Woodson admitted he’s “not in Phil’s category,” and that’s fine. Nobody’s in Phil’s category.
Truth is, Woodson has been a much better coach of the Knicks than D’Antoni ever was, and so far that’s been good enough for smart basketball fans in a smart basketball town. But that changes if the Lakers land another big free agent, Phil Jackson, and if Jackson gets to No. 12 before Woodson even sniffs No. 1.
I’m being admittedly a little unfair to the basic tenor of this article, as O’Connor is mostly complimentary of the job Mike Woodson has been doing, but somehow the premise that should Phil Jackson return to the Lakers, Woodson will therefore be judged against Jackson’s results is a little irritating.
I understand the instinct, given that it’s now clear that Jackson could have been persuaded to take the plunge, and there’s certainly no fault in the logic that the Knicks would have been wise to gauge Jackson’s interest in a return before ultimately going with Woodson. After all, when the greatest coach in league history is available, a phone call is probably never a terrible idea. But should Jackson return and guide the Lakers to another championship that really has little relevance to how Woodson fares this season with the Knicks. It’s not a straight line from “He won with the Lakers, so therefore had he coached the Knicks, they would have won instead.” It doesn’t really work like that.
Also, I know this is silly, and the odds are I’d abandon these old grievances after Jackson’s first win on the Knicks bench, but as someone who came of age with the Knicks of the 1990’s, Phil Jackson basically destroyed my childhood. The thought of having to actually cheer him on fills me with dread. What’s next, Reggie Miller as the GM? Rik Smits calling the games? That part of me was a little thrilled I didn’t have to face that reality.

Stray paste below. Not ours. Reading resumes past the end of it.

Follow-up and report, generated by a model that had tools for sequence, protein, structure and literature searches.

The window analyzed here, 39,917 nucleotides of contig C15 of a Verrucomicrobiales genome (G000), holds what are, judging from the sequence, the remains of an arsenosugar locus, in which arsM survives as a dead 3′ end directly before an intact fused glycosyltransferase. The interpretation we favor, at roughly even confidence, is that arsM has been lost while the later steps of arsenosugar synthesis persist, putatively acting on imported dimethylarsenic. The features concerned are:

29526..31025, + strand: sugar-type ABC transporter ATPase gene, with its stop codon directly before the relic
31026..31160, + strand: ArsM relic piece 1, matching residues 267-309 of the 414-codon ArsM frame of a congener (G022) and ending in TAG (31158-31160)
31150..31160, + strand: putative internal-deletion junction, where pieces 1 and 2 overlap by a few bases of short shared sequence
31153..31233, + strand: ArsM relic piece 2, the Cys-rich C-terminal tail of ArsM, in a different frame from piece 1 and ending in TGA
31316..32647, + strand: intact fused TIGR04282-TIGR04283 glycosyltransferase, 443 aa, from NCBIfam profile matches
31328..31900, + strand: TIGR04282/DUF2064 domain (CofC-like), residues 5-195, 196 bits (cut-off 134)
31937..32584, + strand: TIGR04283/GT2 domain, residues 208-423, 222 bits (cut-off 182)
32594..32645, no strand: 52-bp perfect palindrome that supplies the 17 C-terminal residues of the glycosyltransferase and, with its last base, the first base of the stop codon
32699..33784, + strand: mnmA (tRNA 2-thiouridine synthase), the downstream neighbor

As for the Lakers, I don’t think Mike Brown is a particularly great coach, but it’s truly bizarre to fire him after five games. If they had that little faith in the guy, you wonder why he was given the reins in the first place. My favorite question in the wake of the move was, “Is it a panic move?” No, clearly it was the result of a long and thoughtful process. I think I’ve seen people with their hair on fire show more patience (Ed note: I have not actually ever seen anyone with their hair on fire, but you can imagine if I did).
For Jackson’s part, it is just another example of how hard it is for elite competitors to go find anything else they’ll find even remotely satisfying. Jackson seemed genuinely eager to move on to the next phase of his life, until immediately finding that whatever that was exactly was nowhere near as awesome as being the head coach of the Lakers. As someone who’s never been the head coach of the Lakers, I can definitely attest that it’s not as good.